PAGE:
Nonviolence: a Path to Survival, Peace and Unity

I originally published this article on nonviolence many years ago on Facebook Notes. It was subsequently republished by Joanna Haynes on her website Caribbean Inspired …Globally Wired, under the section Men and their Stories. I think it is appropriate and necessary to publish it anew here on my “Peace Blog” given the palpable disquiet over the growing threat to the health of modern democracies provoked by the war in Ukraine and the many other fuming hotspots elsewhere across the planet.

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We cannot truly walk the path of nonviolence and hope for durable peace until we come to terms with the violence that is both in us and around us. Violence has become so much part of our daily lives that many of us hardly even notice the insidious impact it has on our physical and mental health, as well as on our spiritual well-being. It is everywhere, in the media, on our streets, in our work places, in our schools, in our homes and sometimes in our intimate relationships. Many of us may or may not be aware of how, when and why we use violence as a means to satisfy our own needs. Some may not recognize that an unease they experience may be a result of violence. All violence is based on some inadequate strategy that is used to satisfy the need to control others. Perhaps it is in raising your voice to intimidate and impose your will; or sulking in order to manipulate compliance; or playing the victim to solicit sympathy or to make someone feel guilt; or in the attitude of the schoolyard bully that finds power through intimidating those he or she perceives as weak.

Whatever its form, an act of violence demonstrates a deficit in the ability to know and to communicate one’s emotional needs. It also shows a lack of respect for the integrity of other beings. It reveals weak self esteem and limited self-awareness in spite of projected outer appearances. However you look at it, violence rides an immoral “low” road to desolation and chaos. On the contrary, self-restraint, ascends the moral “high” road to self-fulfillment and peace. The energy wasted in trying to control others would be better invested in controlling oneself wherein the dividends are vastly superior at all levels.

Many people have a limited perspective on what violence is and may see it only in its most dramatic manifestations. Violence has many different faces and may appear quite differently in a war zone than it would in a monastery. However, its roots are from the same soil: non-respect of one’s higher nature and the nonrecognition of the other as being part of the same divine consciousness. Our culture’s obsession with the physical world has created an uneasy separation of body, mind and spirit which conceals the unity inherent in universal order.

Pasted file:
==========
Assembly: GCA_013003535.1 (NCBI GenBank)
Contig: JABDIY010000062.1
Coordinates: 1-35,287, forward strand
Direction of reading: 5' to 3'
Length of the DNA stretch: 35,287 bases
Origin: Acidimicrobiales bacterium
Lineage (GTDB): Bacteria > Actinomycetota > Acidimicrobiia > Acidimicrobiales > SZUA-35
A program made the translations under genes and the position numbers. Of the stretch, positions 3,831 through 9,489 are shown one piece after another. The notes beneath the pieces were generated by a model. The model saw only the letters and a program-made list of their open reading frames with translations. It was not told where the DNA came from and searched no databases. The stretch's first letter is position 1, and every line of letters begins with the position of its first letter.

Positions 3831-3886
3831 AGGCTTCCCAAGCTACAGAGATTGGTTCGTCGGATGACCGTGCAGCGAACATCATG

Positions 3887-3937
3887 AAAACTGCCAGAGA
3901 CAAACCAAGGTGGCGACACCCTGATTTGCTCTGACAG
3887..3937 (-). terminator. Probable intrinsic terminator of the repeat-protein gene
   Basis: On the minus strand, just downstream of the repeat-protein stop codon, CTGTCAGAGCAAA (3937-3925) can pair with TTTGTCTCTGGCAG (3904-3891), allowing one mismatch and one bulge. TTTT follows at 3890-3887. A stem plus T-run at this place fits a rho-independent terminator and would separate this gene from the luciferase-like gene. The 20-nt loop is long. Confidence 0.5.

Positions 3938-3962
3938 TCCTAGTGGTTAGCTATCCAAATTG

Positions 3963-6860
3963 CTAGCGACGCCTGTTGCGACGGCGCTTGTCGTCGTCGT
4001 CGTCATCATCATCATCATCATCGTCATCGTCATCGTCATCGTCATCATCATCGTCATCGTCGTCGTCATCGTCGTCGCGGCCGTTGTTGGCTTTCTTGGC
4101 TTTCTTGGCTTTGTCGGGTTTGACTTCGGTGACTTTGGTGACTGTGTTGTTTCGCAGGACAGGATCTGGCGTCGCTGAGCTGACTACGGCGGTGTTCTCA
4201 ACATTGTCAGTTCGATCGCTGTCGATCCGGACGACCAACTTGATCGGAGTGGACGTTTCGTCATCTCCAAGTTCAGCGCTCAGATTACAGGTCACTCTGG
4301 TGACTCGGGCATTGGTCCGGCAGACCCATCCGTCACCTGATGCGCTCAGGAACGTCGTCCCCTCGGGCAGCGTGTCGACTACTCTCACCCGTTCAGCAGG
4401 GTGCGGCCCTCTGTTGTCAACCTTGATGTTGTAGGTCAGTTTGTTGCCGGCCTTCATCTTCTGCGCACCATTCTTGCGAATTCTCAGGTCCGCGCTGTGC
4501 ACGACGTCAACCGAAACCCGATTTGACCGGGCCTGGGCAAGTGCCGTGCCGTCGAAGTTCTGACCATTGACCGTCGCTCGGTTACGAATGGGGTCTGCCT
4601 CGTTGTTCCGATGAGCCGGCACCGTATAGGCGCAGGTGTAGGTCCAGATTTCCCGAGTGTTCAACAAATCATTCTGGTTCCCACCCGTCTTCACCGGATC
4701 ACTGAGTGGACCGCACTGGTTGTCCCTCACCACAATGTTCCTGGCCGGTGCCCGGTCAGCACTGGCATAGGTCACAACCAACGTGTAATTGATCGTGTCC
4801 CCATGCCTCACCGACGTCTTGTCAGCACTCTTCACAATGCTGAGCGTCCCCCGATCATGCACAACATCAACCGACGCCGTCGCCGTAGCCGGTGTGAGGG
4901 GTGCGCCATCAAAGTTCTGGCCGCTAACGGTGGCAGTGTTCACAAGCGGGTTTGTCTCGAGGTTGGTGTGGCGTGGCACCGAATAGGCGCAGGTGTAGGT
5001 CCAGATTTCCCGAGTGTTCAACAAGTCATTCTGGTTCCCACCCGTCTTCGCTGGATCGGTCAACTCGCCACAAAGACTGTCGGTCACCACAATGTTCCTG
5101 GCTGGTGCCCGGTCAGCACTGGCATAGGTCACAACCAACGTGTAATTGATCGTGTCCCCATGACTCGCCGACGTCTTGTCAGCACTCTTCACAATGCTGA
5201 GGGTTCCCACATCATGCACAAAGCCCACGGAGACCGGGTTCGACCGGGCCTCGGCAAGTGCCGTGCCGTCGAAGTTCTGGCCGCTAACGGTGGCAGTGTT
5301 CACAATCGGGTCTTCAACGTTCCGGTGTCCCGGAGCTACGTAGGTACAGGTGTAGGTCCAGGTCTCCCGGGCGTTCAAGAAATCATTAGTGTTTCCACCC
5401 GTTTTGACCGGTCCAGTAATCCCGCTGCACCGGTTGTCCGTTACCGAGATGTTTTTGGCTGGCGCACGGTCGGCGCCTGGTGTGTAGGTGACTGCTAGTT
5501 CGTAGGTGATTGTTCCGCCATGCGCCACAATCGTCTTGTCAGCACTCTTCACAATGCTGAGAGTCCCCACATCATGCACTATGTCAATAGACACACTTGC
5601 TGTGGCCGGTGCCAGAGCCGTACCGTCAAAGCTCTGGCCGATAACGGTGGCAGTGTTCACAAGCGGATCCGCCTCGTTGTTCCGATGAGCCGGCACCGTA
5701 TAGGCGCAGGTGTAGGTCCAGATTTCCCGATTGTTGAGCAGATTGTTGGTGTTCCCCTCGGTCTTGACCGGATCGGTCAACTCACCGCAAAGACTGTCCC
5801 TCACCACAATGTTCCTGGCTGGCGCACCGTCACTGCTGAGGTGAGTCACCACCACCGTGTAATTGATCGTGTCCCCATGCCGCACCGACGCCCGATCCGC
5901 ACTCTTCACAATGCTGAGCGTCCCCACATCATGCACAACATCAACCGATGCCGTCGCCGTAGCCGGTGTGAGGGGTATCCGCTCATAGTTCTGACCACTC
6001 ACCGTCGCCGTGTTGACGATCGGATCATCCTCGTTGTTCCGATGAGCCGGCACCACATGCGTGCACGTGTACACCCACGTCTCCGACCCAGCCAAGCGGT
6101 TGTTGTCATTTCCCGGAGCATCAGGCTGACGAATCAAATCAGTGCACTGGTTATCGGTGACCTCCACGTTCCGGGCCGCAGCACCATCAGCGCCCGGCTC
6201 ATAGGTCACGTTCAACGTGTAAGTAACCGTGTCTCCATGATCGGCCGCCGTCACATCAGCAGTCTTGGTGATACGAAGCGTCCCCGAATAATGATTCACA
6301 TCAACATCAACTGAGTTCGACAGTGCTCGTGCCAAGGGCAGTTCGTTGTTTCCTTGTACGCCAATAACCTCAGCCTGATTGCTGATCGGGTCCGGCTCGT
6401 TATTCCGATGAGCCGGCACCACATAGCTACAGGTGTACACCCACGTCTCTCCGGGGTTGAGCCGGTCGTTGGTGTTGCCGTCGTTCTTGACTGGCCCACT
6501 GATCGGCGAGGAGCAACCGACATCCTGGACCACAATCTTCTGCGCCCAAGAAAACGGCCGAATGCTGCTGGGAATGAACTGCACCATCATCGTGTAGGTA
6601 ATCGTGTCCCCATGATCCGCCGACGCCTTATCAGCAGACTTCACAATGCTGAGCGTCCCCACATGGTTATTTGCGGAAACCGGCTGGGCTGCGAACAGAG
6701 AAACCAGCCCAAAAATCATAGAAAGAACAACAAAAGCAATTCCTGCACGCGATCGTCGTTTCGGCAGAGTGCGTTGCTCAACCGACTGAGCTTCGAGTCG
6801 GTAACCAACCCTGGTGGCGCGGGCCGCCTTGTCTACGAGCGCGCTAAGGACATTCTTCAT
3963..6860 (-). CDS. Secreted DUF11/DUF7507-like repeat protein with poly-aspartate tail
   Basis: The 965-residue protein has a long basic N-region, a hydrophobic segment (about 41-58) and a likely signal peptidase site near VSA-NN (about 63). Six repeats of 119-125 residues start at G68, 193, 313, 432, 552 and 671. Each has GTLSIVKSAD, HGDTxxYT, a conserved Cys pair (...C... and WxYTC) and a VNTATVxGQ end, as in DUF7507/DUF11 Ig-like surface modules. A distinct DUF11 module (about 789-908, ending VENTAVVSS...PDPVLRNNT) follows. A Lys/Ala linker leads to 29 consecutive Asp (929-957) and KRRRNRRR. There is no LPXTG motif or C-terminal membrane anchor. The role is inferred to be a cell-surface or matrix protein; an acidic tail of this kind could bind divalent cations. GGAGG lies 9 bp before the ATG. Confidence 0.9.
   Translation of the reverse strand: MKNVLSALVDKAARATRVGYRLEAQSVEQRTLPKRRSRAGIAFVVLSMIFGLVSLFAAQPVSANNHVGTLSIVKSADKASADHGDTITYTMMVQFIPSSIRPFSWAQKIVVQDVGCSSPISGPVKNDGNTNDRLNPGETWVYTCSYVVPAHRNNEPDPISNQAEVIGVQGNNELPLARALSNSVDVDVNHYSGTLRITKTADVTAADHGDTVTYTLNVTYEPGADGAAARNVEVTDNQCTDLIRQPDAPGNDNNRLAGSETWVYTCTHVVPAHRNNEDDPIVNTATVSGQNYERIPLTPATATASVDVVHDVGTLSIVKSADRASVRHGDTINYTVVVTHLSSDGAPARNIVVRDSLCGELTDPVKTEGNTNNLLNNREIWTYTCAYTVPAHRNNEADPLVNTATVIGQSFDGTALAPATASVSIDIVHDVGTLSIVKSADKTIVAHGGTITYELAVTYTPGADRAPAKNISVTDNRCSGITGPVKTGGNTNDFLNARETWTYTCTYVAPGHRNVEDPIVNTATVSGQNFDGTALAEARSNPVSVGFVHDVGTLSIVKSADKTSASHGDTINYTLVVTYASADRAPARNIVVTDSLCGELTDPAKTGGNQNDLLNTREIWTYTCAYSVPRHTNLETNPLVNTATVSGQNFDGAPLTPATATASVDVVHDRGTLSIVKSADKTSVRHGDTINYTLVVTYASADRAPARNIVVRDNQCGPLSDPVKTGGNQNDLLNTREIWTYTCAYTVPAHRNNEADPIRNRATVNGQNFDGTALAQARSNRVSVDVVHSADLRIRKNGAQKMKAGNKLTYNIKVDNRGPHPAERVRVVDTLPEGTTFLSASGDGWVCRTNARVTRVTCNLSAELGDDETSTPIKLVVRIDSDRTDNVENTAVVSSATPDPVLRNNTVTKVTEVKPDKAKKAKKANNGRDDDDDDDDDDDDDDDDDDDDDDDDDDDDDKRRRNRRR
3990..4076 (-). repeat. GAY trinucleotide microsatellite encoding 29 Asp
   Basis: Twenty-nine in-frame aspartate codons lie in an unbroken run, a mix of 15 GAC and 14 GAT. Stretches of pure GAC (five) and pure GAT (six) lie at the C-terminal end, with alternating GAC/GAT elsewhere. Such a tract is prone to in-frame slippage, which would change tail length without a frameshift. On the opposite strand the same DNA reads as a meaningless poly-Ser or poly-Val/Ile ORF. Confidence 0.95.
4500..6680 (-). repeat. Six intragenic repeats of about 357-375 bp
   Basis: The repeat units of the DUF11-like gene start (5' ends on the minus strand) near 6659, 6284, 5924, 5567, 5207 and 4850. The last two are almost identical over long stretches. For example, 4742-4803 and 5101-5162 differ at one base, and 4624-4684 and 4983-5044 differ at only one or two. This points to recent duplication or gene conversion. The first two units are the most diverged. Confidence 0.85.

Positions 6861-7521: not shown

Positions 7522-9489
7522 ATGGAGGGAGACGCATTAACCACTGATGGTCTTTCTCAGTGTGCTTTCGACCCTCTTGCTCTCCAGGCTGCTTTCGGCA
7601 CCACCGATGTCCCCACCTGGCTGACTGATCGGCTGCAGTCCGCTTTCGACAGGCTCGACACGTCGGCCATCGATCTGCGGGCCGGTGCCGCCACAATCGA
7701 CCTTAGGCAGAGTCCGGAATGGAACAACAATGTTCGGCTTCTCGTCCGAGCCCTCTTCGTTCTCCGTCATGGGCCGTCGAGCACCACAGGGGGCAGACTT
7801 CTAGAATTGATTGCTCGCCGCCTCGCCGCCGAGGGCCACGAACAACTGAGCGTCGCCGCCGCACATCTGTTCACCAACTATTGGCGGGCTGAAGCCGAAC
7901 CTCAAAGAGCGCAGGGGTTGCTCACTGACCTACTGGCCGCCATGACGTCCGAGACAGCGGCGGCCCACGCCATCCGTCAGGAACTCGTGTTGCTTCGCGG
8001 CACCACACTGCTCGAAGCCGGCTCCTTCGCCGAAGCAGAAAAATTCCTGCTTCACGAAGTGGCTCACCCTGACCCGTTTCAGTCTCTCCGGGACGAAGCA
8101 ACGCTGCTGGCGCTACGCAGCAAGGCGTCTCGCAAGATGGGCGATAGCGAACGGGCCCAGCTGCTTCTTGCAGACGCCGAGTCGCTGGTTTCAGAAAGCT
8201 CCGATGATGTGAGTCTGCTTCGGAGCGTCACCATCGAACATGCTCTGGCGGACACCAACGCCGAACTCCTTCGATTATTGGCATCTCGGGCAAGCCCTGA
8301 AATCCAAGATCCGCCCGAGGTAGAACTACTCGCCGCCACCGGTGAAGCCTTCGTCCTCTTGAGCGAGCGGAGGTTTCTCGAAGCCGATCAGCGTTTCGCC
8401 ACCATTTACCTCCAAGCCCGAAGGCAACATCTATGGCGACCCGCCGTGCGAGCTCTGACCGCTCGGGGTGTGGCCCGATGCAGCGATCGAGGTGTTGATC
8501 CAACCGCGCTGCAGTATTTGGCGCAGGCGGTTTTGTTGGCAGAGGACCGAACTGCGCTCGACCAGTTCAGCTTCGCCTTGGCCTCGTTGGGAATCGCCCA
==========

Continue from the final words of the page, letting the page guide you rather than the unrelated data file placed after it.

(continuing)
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When we understand that each one of us is a complex and organized system of cells, intelligent microorganisms and conscious energy; that we are an integral part of that magnificent system we call the universe; that our existence in this present moment occurs at the intersection of micro and macro universes, we will begin to see that all violence is malignant to our spiritual evolution and ultimately to our survival as the human race. I offer you a more holistic definition of violence that infers the element of spiritual unity. 

Violence is any thought, word or action, conscious or subconscious,that does not recognize the just value of a person (including oneself), of an animal or of all living beings including insects, trees and plants.

I consider “the just value of a person” as each living being’s existential right to dignity, integrity and the liberty to achieve his, her or its fullest potential. Consider that the ant and the bee are also systemic beings that function, like us, in a communal system and that they also play a vital role in our survival and that of the planet. From this perspective, animals, intelligent and sentient beings that they are, also possess personhood and like us, have evolved relatively complex communities for their survival. “Just value” also applies to the environment, for which deep respect flourishes from the understanding of the vital role nature plays in maintaining our well-being and our survival, individually and collectively. The endearment inherent in the terms Mother Nature and Mother Earth celebrates a symbolic ‘personhood’ of Nature and thus accords her rights. We cannot follow the path of nonviolence without experiencing the awe, the appreciation and the gratitude that comes from the realization that we are part of a living planet and a conscious universe; that we are part of the divine.

Nonviolence is not just an idea that preaches no violence, but a conscious commitment to follow a spiritual path to peace and self-realization. Where the shadow of violence is moral weakness, the light of nonviolence is spiritual strength. It is here, in the light beyond the shadows that we connect, you and I, united as spiritual brothers and sisters.

Andrew Lue-Shue
originally published in February 2017